Here in Missouri, much of the state reopened on June 15: pools, restaurants, and gyms included. But life looks a lot different. Visitors are still restricted at nursing homes, people are wearing masks, hand sanitizer lurks around every corner, and many people are still choosing to stay home and use curbside services. It’s a different world.
Throughout the pandemic, I have asked healthcare providers: How has COVID-19 affected your compliance and HIPAA programs?
- Some people say: “It’s business as usual.”
- Others say: “I’m still working on compliance but at a much slower pace.” This is understandable, given the number of COVID-related tasks and guidance added to compliance officers’ plates.
- A few people have told me they actually have MORE time to work on compliance now, because other projects have been put on hold.
- And a handful have told me that compliance has been put on hold completely during the pandemic. I understand why this happens and I empathize with it. These are unprecedented times and healthcare providers are in the middle of a centennial challenge.
If you have had to curtail or limit your compliance efforts due to COVID-19: Document your decisions. Document what activities have been delayed, and why (e.g., resources were redirected to infection control).
As we enter month four of the national public health emergency, my hope for compliance officers who have slowed (or stopped) compliance efforts that they find a way to keep their compliance programs going and, to the extent possible, get back to business as usual.
Where should we start?
How you resume compliance will depend on your risks and resources. Here are some ideas to consider:
- Schedule a quarterly compliance committee meeting (especially if you are overdue). Use this time to recap your organization’s risks – COVID and non-COVID – and prioritize.
- Create an action plan to address these risks in order of priority. Decide how you will tackle each risk. Map out your plan over 12 months – and follow up monthly or quarterly to check on progress.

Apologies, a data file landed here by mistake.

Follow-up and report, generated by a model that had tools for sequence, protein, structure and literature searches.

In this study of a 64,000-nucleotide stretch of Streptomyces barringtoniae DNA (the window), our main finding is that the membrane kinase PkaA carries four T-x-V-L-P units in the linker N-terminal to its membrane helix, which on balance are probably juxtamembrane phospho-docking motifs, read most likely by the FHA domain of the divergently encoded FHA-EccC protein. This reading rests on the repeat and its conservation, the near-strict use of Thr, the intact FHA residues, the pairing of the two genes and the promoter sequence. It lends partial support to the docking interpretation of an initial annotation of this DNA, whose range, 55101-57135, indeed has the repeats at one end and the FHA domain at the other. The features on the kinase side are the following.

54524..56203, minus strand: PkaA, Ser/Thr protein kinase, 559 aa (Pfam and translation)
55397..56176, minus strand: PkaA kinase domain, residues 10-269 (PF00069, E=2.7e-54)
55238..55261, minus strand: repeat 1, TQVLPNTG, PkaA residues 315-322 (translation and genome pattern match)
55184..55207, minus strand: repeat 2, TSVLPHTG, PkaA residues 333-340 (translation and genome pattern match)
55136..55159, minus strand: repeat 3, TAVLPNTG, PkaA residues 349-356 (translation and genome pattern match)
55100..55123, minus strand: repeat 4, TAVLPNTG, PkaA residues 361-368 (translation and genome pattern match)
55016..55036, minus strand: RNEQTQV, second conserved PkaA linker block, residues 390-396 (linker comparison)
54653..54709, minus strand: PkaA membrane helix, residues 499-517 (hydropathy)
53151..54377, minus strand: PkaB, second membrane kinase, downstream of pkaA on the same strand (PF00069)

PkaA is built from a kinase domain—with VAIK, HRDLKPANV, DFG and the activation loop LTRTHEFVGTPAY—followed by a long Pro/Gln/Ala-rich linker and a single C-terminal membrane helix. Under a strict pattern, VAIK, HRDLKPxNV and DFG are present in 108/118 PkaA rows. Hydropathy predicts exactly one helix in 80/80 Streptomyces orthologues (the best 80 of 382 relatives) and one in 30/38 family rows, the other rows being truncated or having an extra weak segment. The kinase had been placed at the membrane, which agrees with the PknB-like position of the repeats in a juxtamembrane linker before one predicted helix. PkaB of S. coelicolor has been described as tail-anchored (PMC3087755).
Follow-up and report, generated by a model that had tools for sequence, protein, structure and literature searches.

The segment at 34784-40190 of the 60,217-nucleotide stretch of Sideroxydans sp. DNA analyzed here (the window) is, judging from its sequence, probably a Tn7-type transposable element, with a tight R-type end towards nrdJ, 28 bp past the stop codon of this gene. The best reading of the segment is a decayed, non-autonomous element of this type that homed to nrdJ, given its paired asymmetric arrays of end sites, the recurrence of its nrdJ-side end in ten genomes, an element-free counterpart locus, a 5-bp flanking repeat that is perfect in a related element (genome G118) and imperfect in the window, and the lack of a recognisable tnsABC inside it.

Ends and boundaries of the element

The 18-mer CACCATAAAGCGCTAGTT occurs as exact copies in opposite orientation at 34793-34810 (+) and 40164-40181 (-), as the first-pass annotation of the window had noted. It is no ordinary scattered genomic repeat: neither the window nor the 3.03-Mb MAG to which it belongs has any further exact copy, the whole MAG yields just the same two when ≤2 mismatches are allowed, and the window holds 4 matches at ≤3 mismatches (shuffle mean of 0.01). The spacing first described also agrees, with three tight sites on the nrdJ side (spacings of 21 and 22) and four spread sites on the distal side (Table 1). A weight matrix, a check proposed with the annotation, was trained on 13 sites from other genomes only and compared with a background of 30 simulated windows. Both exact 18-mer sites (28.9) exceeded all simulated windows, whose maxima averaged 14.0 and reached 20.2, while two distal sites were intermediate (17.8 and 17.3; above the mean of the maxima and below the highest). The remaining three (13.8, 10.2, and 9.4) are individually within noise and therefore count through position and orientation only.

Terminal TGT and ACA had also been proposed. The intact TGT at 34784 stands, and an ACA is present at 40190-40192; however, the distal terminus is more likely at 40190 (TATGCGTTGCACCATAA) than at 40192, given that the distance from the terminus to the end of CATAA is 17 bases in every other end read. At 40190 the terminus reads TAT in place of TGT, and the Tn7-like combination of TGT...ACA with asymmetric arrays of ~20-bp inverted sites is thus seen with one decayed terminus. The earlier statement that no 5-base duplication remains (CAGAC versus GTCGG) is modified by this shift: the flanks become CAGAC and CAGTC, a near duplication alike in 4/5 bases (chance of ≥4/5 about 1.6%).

- Update your board. It’s possible that board meetings have been filled with urgent COVID-19 issues. If compliance has been bumped from the agenda, it’s time to get back on. Compliance, after all, has a key role in addressing and mitigating COVID-19 risks, like HIPAA, infection control, and EMTALA.
- Find out how you can support your staff. Healthcare employees are likely exhausted, overwhelmed, and stressed out. Compliance can help. An unprecedented amount of guidance has been published since February. What information could your employees be struggling with? Do they need help understanding new HIPAA guidance during the pandemic? When is the last time your employees were reminded of how to report compliance issues? When is the last time the Compliance Officer walked the floors to talk with staff, encouraging them to raise questions?
- Nursing homes should work on Phase 3 Compliance and Ethics programs. This means making sure updated policies are in place, policies are disseminated, and an annual review is conducted. It can take several months to conduct an annual review – start now and move the process forward. When surveys resume, you will be better off if you aren’t scrambling to implement compliance.
Yes, the pandemic continues. But compliance should also continue. When COVID-19 passes, or at least subsides to a better “new normal,” your organization will need compliance. Compliance provides education that helps people do their jobs; risk management and strategy to make your organization better; and process improvement to provide the best care possible. By taking little steps now to keep compliance going, you can avoid starting over after the pandemic.